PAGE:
How to Fire an Employee ... The Right Way
Kathie Caminiti was quoted in Business News Daily on May 6, 2015. The article “How to Fire an Employee ... The Right Way” provided advice on how to go about terminating an employee properly, from both a legal and a professional standpoint.
The situation can be a little trickier if an employee is being let go as part of a downsizing initiative. Kathie said that documentation is necessary to justify not only the reduction in staff, but how you determined which employees got cut. [Should You Fire That Employee? 4 Questions to Ask]
"With a downsizing or reduction ... what is the business justification and what is the selection criteria for the person to be terminated?" Kathie said. "If you're letting go of three people, the next question is, why those three people as opposed to [other employees]? That's where companies get into trouble."
To make sure you've covered your bases, Kathie advised asking yourself these five important questions when preparing for a termination meeting:
- What is the reason for the discharge and what documentation exists to support that decision?
- What is the employee's background and history with the company? (Consider age, gender, protected class under EEOC laws, union versus non-union, whether employee has made complaints against company, etc.)
- Am I treating all other employees the same? (i.e., if the employee is being fired for violation of policy, would any other employee also be fired for the same violation?)
- Is this termination achieving business objectives?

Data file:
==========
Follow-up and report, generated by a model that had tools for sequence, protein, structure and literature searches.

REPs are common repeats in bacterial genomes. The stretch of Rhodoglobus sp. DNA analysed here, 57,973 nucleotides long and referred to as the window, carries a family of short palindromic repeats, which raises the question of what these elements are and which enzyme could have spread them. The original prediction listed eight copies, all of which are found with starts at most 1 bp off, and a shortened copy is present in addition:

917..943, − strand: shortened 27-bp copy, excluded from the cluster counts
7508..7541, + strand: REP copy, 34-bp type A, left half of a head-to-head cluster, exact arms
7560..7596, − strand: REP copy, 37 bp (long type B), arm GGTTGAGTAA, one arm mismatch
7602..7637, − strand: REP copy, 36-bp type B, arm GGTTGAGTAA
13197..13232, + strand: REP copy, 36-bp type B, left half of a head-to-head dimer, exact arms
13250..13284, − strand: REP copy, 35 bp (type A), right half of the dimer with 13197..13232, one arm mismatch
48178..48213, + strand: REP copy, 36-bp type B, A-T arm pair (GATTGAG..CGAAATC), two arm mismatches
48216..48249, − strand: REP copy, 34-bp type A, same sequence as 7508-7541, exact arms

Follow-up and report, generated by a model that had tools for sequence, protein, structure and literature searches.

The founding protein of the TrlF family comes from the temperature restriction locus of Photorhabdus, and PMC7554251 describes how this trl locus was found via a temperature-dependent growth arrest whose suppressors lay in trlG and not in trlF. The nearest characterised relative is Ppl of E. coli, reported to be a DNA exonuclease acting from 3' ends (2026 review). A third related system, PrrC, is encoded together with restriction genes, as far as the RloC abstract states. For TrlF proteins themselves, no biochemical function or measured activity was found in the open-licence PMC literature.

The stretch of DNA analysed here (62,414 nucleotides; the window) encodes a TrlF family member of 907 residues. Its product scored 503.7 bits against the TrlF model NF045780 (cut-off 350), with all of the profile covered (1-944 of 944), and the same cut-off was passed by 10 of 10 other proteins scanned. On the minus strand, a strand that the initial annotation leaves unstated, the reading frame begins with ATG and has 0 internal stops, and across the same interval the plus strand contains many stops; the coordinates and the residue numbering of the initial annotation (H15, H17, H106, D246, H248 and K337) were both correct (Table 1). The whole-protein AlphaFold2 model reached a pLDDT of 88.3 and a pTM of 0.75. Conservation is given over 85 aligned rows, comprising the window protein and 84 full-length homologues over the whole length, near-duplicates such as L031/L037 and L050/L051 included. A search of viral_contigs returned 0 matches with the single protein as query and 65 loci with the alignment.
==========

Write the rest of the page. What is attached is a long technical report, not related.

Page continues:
- Am I following my own employer policies and procedures for discipline?
As difficult as it may be to prepare for an employee's termination, the actual firing part will always be the hardest step in the process. Kathie reminded employers that, while letting someone go does affect your remaining staff and their morale, the decision has an immediate financial and emotional impact on that person and his or her family. Therefore, the situation must be handled with the appropriate sensitivity and tact.
The employee you're terminating is likely going to be upset and have some questions for you once you deliver the news. Kathie said you should anticipate this, and be ready to answer any questions posed in a respectful and succinct manner — don't drag it out, or you might say something that could land you in hot water.
"How a person is terminated often influences whether they file a lawsuit," Kathie said. "If people feel treated with dignity and respect, they're less likely to file a lawsuit.
Kathie noted it's very important to make sure an employee's final notices — COBRA information, final pay, benefits administration, nondisclosure agreements, etc. — are completed, filed and issued correctly, so as to have a proper paper trail should any problems arise after his or her last day.
To read the full article, please visit Business News Daily.